Symbiotic Relationship


Symbiotic Relationship

The San Francisco Museum of Modern Art (SFMOMA) is known for its very special exhibits; however, one of them recently surprised me. For the first four months this year, it presented “The Sea Ranch: Architecture, Environment and Idealism.” It was surprising, since The Sea Ranch is not a place I’ve ever thought to be seen in a museum; but rather, it had to be experienced. And this is exactly what we’ve done many times, including just a few weeks ago. Just in case you missed the show at the SFMOMA, The Sea Ranch has a very interesting history.

The first people known to live in the territory where The Sea Ranch is today were the Pomo Indians, who gathered kelp and shells for food on the beaches. In the 19th century the area was mainly used for sheep farming. And then things changed in the 1960s. Architect Al Boeke envisioned the design of the community that would preserve the area’s natural beauty, which would span along 10 miles of the Sonoma County coastline. Online I learned that The Sea Ranch is noted for its distinctive architecture that blends with nature.

Currently there are about 1800 homes which serve as second homes with some 300 full-time residents. Years ago, we also owned our second home there, which was used for weekend rentals a majority of the time.

After we sold it, we started coming back, and had the opportunity to rent many different homes. Sometimes on our visits there, we would spend a few hours checking out the local open houses. This gave us an opportunity to see practically every type of the local design. From time to time we would see a home, which we envisioned living in. There was only one small problem – those were priced in the range of two million dollars. As we licked our lips, our friend and local real estate agent Cindy Kennedy, told us to stop driving ourselves crazy until we decide to move there. For us, it is not a realistic choice for our lifestyle, though many artists reside in the area.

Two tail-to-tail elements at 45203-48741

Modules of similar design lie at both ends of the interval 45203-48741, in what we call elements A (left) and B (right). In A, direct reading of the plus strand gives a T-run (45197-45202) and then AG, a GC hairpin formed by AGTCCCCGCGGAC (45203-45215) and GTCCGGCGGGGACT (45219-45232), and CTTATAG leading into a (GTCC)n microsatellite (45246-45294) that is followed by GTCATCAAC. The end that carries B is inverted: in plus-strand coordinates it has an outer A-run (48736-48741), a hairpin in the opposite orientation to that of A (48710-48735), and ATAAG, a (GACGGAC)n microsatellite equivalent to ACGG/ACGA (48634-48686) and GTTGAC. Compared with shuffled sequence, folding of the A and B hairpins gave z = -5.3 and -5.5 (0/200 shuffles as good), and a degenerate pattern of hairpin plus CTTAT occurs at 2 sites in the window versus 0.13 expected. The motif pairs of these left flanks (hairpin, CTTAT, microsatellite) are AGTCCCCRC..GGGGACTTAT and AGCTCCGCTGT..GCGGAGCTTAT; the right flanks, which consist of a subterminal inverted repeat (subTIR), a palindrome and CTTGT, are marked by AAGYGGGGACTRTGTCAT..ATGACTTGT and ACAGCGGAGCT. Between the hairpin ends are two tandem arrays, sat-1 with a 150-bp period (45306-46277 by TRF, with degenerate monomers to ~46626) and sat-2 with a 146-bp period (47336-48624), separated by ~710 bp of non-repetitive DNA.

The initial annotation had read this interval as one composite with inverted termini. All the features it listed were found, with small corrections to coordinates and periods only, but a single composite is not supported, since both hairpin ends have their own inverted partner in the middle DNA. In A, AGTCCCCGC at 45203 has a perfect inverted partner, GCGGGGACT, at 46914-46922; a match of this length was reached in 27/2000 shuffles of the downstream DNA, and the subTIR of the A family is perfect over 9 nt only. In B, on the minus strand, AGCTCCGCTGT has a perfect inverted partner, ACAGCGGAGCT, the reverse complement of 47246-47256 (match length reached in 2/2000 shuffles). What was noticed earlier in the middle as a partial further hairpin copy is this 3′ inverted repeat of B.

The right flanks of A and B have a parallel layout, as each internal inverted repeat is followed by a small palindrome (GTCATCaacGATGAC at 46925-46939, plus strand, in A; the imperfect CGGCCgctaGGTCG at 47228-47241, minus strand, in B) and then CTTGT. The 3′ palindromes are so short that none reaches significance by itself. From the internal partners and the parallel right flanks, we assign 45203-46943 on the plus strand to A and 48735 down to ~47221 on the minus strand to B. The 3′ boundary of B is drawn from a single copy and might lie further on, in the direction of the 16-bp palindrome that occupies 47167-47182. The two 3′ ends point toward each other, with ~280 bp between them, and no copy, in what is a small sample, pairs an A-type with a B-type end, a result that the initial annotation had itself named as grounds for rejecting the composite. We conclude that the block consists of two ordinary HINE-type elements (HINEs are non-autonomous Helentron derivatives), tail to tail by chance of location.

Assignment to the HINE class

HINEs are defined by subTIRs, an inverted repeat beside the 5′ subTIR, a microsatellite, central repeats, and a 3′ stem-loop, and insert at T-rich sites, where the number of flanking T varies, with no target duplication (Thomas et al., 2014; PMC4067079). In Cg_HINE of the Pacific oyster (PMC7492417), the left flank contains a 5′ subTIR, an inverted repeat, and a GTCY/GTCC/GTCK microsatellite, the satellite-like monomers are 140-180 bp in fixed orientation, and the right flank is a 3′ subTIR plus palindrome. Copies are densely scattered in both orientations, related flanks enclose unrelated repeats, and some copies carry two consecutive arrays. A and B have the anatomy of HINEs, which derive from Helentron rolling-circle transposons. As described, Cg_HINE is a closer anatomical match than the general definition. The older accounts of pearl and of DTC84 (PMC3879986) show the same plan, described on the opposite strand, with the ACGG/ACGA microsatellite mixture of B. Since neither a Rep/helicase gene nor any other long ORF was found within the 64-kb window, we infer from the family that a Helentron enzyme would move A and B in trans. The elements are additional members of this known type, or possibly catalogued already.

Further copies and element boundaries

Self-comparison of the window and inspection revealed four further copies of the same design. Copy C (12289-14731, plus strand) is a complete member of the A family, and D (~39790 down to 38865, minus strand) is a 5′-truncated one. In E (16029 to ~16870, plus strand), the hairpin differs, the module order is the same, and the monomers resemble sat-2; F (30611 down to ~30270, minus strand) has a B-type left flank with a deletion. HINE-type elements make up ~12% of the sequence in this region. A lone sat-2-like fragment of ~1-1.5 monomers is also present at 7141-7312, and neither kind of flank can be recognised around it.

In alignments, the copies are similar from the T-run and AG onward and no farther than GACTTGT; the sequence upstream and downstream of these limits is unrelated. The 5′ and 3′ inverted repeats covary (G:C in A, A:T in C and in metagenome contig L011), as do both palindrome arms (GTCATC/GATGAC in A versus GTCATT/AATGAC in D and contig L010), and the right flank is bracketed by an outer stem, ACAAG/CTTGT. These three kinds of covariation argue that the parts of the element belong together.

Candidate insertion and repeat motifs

The success of The Sea Ranch as a tourist destination is in a big part not only for the beauty of nature in the area; but also, that it borders with Gualala, an incorporated community in Mendocino County. The name of the place of today’s Gualala, which has a population of over 2000 people, comes from Pomos Indians, who had named the area Kha Wa La Lee, meaning “coming down water place”. When I mentioned to a friend that we are going to The Sea Ranch, he told me that he loves to come here to fish in the Gualala River. The trend to come to the area to hunt and fish and get away from the crowded cities started around 1861. By the end of 1800s Gualala had become a major commercial hub for the entire area with a dancing school, Brass Band and an Opera House. The economy of Gualala was supported by a lumber mill, which logged the redwood trees. But gradually it transitioned from a logging town to a tourist destination. Today Gualala has ten hotels, restaurants, two supermarkets, two gas stations, several art galleries, tourist stores and it serves the local center where visitors to The Sea Ranch and locals can fill all their living needs.

P.S. I wanted to share with you the beauty of the area in these four images. Two women with two dogs appeared in my book “42 Encounters with Dog Lovers” which you can buy on

Enjoy and Share with a Friend!

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